The end of your marriage is sure to have an impact on your kids. Even if you and your ex are on good terms chances are your children will experience a range of negative emotions, from anger to guilt and virtually everything in between. Very Well Family explains some of the emotional effects kids experience after their parents' divorce, as well as tips on how you can handle the issue.
Children may feel guilty
Many kids believe they had a hand in their parents’ separation. You can reduce these beliefs by keeping issues between you and your ex out of your children’s lives. Never bad mouth your former spouse and don’t use your kids as bargaining tools. Make sure they understand what occurred had nothing to do with them, and reinforce this statement frequently through your words and actions.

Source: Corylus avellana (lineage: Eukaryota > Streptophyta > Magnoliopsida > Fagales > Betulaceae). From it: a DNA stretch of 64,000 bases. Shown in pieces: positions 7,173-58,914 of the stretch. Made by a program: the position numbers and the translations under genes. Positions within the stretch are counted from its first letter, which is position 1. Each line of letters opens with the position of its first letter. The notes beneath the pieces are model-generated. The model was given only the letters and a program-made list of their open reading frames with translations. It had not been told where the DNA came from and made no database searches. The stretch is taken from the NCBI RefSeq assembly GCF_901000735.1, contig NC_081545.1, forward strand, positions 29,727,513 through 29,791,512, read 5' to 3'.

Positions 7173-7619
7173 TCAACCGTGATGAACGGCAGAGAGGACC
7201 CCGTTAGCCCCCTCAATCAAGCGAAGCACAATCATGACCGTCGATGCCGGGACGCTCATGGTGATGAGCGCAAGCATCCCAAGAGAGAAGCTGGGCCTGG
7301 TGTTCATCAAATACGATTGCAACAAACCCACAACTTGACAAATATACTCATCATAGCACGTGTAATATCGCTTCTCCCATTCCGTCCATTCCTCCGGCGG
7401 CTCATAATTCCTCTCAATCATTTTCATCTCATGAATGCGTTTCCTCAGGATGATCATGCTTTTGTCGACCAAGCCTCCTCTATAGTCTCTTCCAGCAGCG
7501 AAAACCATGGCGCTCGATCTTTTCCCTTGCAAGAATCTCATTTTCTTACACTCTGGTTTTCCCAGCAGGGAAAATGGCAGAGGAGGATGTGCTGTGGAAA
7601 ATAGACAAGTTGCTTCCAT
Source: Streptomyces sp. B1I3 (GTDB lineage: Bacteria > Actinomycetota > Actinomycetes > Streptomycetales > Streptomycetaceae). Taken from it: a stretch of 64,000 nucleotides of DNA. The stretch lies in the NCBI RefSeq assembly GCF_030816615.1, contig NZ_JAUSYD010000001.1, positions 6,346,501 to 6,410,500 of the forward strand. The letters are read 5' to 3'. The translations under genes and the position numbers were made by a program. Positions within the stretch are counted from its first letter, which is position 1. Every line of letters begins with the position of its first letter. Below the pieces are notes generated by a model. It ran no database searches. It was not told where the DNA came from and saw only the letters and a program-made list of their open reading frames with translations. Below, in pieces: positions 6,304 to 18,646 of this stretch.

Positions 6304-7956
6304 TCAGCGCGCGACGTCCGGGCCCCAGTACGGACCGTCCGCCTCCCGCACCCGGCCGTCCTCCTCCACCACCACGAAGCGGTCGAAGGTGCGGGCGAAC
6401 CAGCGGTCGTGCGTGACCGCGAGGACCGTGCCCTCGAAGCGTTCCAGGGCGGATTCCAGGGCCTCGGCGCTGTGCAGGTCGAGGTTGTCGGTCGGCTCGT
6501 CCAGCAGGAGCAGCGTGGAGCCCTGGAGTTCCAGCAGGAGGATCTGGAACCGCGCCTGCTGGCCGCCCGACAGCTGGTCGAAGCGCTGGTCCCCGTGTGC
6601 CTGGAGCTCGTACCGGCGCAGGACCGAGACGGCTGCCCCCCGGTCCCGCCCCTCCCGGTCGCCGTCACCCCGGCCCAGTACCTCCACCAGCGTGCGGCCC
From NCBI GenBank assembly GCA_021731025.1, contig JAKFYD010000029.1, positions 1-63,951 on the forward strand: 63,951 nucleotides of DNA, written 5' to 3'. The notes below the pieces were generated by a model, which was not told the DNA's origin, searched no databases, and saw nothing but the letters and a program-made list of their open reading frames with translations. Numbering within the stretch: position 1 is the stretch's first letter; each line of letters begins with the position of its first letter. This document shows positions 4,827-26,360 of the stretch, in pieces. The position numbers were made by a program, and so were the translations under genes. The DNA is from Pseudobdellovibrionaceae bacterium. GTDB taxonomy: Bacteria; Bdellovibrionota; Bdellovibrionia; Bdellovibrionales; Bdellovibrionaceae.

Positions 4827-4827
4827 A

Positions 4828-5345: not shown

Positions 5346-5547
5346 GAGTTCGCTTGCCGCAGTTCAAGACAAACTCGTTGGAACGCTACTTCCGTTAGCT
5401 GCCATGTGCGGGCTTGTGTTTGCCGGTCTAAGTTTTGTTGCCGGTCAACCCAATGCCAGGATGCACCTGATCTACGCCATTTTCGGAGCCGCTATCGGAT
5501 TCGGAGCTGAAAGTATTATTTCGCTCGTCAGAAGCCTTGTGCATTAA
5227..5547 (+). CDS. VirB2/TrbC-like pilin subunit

They might believe they’re no longer loved
In the same token, kids may feel as though you’ll stop loving them one day. For smaller children, make sure they know they are safe and loved. Keeping the same routines, such as family dinners and bedtime stories, help enforce the feeling of being loved. Also, make sure your ex is offering the same type of reassurance. A lack of love in the home, even when perceived, can lead to significant emotional issues well into adulthood.
Older kids often feel resentful
Older adolescents and teens may have angry responses to their parents’ divorce. They may even blame one parent over the other, which can lead to fighting and discipline issues. If these problems continue and impact other areas of a child’s life, such as school, behavioral counseling is a good idea. Parents are also encouraged to monitor their children’s social activities and implement rules to prevent them from acting out in a destructive manner.